“I’ve been thinking more about my insight regarding beggars (see last post) and realize that I don’t know how it will translate to the situation back home in Vancouver. Will I remain as openhearted? That’s to be discovered. I hope so. I also realize that my new found sense of comfort when confronted with beggars (and my willingness to give them money) may very well not be feasible at all in a big city like Mumbai. I understand there are many many beggars there, and that if you give money to one you will very quickly be surrounded by a crowd of them demanding money. So it’s also to be discovered how I’ll deal with them when/if I ever go to Mumbai (or somewhere like it). All I know is I’ve discovered a solution that works for me for this time and this place. They are starting to recognize me now. Many of them smile when they see me coming, and we each put our hands together in Namaste and bow, or touch a hand to the heart, and I give them some money and there are big smiles all round; very sweet, very real human contact. How much more fun and enriching that is than just walking by and trying to pretend they are not there.”

    We’ve recently been in Delhi and there we donated to, and did a tour of Old Delhi organised by, Salaam Balak, a foundation that helps street children.

    Hope this isn’t too long a comment. I’ve just about written a novel…….

    • This is absolutely the type of feedback I was expecting out of this post…to find ways to how can I make a difference!

      although I must agree, if I give cash to one beggar, soon I’ll be surrounded by a dozen. So I try to buy them all food (rice and lentil soup or chapati).

      I find it a better way to help…since I have seen kids been abused to indulge into beggary for their drunk-good-for-nothing fathers, and cash given to them goes straight-away into the pockets of fathers and the kids are left as-it-is on their own..

      • Yes food is a good solution, though we actually had one person in Delhi who begged for money for food, but when we offered to buy food he refused it.
        Salaam Balak says it’s easy for the street children (probably applies to adults too) in Delhi to get food from various charities that provide it. They mostly want the money for drugs (mainly glue) and to go to movies. When Salaam Balak finds a child their first priority is to find the parents. If the parents are abusive and the child wants to stay with the Foundation the next thing they do is put the child in rehab for 6 months to get him/her off the drug addiction. I think it is a marvellous organisation with a very realistic view of how it is for children on the street, and what can be done to help them.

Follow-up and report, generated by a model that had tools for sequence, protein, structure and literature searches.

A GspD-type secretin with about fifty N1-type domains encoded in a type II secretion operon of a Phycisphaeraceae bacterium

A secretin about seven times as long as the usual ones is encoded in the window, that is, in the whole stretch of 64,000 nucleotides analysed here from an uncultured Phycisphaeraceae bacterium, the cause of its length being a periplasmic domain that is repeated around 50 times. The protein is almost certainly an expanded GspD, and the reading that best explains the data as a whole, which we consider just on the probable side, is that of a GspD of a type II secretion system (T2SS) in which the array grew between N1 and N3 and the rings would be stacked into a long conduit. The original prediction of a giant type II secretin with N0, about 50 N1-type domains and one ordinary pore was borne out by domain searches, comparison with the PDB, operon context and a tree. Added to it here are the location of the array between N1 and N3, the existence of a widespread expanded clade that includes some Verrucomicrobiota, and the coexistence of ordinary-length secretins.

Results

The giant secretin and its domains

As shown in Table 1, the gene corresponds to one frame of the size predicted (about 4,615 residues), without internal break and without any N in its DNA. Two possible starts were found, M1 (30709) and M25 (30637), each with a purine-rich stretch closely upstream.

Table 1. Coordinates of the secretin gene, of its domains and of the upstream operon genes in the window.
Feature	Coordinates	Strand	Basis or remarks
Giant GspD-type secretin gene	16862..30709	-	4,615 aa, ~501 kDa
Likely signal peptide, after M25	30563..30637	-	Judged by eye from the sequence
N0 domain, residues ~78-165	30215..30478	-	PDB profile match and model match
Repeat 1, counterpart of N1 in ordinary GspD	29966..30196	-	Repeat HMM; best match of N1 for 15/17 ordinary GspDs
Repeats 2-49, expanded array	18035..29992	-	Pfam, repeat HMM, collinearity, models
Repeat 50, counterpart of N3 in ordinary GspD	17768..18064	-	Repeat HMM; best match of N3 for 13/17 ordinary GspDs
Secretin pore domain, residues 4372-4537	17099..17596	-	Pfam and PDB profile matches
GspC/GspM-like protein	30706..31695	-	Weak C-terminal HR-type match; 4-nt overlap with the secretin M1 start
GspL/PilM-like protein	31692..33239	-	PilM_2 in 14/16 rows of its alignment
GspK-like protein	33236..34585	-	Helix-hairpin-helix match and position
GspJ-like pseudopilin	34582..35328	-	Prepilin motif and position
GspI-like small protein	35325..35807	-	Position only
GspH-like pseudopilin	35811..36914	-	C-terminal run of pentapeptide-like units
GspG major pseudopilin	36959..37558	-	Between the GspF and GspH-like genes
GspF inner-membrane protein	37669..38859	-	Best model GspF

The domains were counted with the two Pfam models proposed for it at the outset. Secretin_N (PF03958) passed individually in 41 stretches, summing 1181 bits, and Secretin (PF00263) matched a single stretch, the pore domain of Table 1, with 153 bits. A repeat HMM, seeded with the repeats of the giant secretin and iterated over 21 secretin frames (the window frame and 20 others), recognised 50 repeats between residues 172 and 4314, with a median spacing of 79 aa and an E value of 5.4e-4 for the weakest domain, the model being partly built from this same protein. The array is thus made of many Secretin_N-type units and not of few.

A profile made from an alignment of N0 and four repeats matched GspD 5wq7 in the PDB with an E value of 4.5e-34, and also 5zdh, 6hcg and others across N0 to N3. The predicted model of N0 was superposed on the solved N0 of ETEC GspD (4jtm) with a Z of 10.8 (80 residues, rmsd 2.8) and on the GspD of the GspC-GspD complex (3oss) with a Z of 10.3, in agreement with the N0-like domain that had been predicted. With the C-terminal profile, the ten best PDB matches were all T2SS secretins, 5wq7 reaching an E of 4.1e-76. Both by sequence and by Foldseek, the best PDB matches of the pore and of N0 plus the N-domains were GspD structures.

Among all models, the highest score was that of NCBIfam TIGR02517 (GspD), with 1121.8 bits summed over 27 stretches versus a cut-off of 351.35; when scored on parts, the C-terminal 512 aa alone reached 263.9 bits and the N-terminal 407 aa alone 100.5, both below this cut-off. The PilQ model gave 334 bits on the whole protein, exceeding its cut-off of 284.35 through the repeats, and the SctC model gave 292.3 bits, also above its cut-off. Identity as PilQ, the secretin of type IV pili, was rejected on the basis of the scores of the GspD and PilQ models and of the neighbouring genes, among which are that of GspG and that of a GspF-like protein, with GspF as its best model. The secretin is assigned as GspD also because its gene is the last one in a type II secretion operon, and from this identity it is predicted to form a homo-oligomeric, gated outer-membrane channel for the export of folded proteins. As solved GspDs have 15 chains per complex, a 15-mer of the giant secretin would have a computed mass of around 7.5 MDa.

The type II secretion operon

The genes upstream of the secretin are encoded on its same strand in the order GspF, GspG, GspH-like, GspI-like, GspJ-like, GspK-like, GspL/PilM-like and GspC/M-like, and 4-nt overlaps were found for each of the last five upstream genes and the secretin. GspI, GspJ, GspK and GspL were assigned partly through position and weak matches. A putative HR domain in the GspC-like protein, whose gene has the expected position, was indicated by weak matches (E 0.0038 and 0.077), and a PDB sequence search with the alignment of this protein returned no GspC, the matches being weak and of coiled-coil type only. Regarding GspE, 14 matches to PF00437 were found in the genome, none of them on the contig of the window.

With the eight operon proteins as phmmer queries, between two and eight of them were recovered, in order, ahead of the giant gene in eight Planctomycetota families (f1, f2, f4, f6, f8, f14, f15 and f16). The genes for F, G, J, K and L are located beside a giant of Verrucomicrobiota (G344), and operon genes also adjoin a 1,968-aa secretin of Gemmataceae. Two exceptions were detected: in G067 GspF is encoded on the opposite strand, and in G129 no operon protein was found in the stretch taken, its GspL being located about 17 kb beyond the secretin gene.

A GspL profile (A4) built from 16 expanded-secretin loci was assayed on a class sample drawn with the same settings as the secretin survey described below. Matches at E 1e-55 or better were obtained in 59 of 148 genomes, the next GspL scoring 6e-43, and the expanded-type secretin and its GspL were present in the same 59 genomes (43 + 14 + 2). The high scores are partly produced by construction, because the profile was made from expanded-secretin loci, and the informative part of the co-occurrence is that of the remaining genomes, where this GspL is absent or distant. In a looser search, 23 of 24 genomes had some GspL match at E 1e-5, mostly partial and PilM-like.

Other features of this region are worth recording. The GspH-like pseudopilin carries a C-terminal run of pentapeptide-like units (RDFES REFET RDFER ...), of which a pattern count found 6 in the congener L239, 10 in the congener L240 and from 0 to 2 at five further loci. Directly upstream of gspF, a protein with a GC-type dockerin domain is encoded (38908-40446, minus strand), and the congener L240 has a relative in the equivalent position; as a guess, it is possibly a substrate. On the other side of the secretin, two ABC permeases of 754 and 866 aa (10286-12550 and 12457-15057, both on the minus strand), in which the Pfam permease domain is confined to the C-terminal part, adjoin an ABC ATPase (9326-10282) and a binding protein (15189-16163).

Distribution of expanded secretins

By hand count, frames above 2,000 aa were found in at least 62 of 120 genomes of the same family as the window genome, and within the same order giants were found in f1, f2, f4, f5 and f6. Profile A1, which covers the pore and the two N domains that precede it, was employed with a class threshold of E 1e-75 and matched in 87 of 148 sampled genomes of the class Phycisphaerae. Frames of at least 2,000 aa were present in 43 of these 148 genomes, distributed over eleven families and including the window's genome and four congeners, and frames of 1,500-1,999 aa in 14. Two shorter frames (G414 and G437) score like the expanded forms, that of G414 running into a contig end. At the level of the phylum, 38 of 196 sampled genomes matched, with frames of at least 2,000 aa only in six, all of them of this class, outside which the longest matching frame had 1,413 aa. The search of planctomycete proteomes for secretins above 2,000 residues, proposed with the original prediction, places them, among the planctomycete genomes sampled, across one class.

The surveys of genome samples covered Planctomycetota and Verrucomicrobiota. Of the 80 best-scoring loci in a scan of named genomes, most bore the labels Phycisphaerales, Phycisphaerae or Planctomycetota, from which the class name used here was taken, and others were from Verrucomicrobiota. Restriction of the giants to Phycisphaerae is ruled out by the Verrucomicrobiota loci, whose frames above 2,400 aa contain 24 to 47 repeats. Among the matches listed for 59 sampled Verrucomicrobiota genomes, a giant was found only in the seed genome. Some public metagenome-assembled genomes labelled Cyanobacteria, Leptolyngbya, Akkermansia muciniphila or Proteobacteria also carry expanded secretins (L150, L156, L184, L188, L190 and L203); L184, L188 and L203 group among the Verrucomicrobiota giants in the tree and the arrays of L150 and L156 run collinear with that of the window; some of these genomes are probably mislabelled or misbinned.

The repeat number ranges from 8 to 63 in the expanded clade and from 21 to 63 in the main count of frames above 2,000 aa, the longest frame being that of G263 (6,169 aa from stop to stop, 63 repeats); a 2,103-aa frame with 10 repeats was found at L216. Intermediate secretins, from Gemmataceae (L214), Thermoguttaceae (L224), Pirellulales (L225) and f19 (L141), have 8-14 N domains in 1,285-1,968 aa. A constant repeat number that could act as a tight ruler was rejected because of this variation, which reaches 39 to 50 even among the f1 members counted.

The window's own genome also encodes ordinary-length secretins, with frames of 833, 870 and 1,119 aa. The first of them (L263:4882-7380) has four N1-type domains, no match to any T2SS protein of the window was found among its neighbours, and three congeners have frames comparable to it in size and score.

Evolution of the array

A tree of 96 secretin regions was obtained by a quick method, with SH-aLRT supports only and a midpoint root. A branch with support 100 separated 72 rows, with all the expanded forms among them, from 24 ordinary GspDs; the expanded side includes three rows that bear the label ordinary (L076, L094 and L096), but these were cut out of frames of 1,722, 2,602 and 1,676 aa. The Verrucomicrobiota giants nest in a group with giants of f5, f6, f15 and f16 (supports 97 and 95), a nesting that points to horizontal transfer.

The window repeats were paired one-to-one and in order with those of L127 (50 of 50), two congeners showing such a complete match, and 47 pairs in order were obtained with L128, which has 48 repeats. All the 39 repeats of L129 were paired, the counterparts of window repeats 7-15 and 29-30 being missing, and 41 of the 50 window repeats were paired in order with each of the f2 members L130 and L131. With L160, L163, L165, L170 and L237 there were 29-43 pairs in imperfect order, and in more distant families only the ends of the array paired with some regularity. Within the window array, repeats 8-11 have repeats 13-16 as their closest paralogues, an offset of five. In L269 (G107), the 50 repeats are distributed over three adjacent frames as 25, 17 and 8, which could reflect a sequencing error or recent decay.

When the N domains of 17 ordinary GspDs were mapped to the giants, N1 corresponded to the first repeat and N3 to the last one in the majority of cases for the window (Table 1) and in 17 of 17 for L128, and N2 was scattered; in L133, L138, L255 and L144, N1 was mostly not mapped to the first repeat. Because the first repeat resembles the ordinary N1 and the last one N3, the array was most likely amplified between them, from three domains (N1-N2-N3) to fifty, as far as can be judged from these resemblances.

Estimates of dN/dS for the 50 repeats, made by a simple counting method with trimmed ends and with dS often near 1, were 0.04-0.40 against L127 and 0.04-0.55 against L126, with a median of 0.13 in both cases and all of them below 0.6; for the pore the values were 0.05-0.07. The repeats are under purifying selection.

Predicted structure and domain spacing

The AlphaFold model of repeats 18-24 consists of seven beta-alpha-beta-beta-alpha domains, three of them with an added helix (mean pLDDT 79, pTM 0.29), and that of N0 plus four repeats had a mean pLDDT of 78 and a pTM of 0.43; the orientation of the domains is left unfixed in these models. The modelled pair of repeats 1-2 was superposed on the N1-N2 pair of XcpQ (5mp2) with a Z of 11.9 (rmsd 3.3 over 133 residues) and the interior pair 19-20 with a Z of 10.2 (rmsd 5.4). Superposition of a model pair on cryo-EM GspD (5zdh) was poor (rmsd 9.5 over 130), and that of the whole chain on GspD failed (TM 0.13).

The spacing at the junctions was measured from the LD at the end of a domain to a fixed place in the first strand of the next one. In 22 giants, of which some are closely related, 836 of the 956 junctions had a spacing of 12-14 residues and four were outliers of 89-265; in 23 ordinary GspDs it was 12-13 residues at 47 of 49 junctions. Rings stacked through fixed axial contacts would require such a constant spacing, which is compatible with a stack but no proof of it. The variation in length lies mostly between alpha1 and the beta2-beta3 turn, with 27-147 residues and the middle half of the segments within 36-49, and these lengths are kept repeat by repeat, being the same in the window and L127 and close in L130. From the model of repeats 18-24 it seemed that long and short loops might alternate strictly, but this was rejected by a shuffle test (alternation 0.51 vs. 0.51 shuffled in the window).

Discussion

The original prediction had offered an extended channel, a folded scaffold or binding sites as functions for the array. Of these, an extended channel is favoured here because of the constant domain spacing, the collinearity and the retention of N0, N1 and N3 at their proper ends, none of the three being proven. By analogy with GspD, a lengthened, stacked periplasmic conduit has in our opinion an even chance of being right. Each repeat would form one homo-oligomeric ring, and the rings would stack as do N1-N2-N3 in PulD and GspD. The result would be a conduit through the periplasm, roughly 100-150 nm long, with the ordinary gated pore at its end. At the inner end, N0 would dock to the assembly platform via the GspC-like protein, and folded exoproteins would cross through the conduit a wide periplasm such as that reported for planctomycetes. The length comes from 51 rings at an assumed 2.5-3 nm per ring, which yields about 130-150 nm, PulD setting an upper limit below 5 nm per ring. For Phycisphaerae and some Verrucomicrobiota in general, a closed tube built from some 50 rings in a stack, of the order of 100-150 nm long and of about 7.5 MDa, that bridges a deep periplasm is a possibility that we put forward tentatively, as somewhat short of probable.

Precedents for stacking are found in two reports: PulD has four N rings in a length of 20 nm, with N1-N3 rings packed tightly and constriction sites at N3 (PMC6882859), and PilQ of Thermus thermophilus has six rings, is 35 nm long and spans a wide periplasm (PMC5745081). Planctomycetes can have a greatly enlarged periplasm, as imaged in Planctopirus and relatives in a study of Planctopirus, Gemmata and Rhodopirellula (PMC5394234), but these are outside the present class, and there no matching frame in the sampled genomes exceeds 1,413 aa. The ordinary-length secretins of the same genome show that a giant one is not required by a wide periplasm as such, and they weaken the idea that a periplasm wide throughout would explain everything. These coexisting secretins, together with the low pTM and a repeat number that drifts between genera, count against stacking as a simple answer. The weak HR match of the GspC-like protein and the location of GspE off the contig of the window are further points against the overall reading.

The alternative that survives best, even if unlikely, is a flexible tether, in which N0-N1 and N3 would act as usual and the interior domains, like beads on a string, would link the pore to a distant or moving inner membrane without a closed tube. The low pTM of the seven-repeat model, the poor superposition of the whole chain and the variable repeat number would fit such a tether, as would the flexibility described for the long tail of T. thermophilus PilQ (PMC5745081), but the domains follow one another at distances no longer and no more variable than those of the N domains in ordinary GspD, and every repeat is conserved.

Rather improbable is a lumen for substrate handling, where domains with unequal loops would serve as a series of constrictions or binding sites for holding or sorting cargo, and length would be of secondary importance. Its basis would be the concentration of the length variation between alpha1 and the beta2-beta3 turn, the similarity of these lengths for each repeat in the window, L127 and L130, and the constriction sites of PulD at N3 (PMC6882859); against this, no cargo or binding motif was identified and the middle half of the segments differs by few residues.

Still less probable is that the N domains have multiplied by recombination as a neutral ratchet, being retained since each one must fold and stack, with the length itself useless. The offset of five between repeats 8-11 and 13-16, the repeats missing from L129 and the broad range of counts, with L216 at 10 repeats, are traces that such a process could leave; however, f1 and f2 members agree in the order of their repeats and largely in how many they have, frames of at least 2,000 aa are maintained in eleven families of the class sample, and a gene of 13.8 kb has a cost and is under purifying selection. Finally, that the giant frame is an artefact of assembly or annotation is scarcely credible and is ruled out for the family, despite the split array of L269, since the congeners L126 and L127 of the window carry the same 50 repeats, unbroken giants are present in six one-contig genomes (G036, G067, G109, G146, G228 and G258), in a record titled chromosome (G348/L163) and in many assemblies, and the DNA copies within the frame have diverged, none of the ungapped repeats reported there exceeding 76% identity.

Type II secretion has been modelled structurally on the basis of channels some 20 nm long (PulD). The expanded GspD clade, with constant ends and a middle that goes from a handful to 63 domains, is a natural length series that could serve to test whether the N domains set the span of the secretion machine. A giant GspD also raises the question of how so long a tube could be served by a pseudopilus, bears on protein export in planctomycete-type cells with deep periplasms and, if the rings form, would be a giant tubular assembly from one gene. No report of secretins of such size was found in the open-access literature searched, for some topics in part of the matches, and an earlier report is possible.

5. “You can’t cross the sea merely by standing and staring at the water.” Rabindranath Tagore.

    There are famous Indians who found solutions to situations, names such as:
    Gautama Buddha, Ashoka, Shivaji, Guru Nanak, Akbar, Mohandas Karamchand Gandhi, Vinayak (“Vinoba”) Narahari Bhave.

    Individualist Capitalism or Socialism nor Communism have the answer.

    The subject you raise is colossal and I doubt if it is political. ” Easily forgotten..” is one response.

  6. I spent some time in Toronto, Canada (I’m from Calgary, originally) this summer. I saw a man passed out right in the middle of the sidewalk. I say he was passed out, but at that point he looked close to dead, and I was astonished as I watched people literally step over him. Not a single person stopped to see if he was okay.

    Unable to turn a blind eye due to my conscious saying, “If he is actually hurt and needing help, you’ll never forgive yourself if you walk away”, I approached him. Yes, the assumption everyone was making was true: He was a homeless man laying across the way hoping to get some attention and maybe some change.

    Regardless, I’m sad that someone being “homeless” makes it acceptable somehow to just look away. Does being homeless mean he’s less deserving of medical treatment if he did need it? How would we know if he was in trouble if no one is taking the time to find out?

    On a personal level, I’m alarmed that I could pass out in the middle of the sidewalk and no one would bother ringing an ambulance assuming that I’m drunk or homeless. I guess I’ll make sure not to have a heart attack or stroke on the streets or Toronto.

    • Very well said Satya.
      It is alarming to see that so many people pass by the same streets and see the same roadside beggars and neglect them! I, on a personal level, have thought of adopting homeless kids with HIV, who have just a few more years to live. I am in contact with CSR of my company and aiming to make this world a better “home” for everyone..

  7. This reminds me of Portland, OR; after living there for a while, I often had the same thoughts about the homeless I would see on the streets. It often brought me to tears as I felt helpless to do anything about their plight.

    Thank you for offering such a moving piece.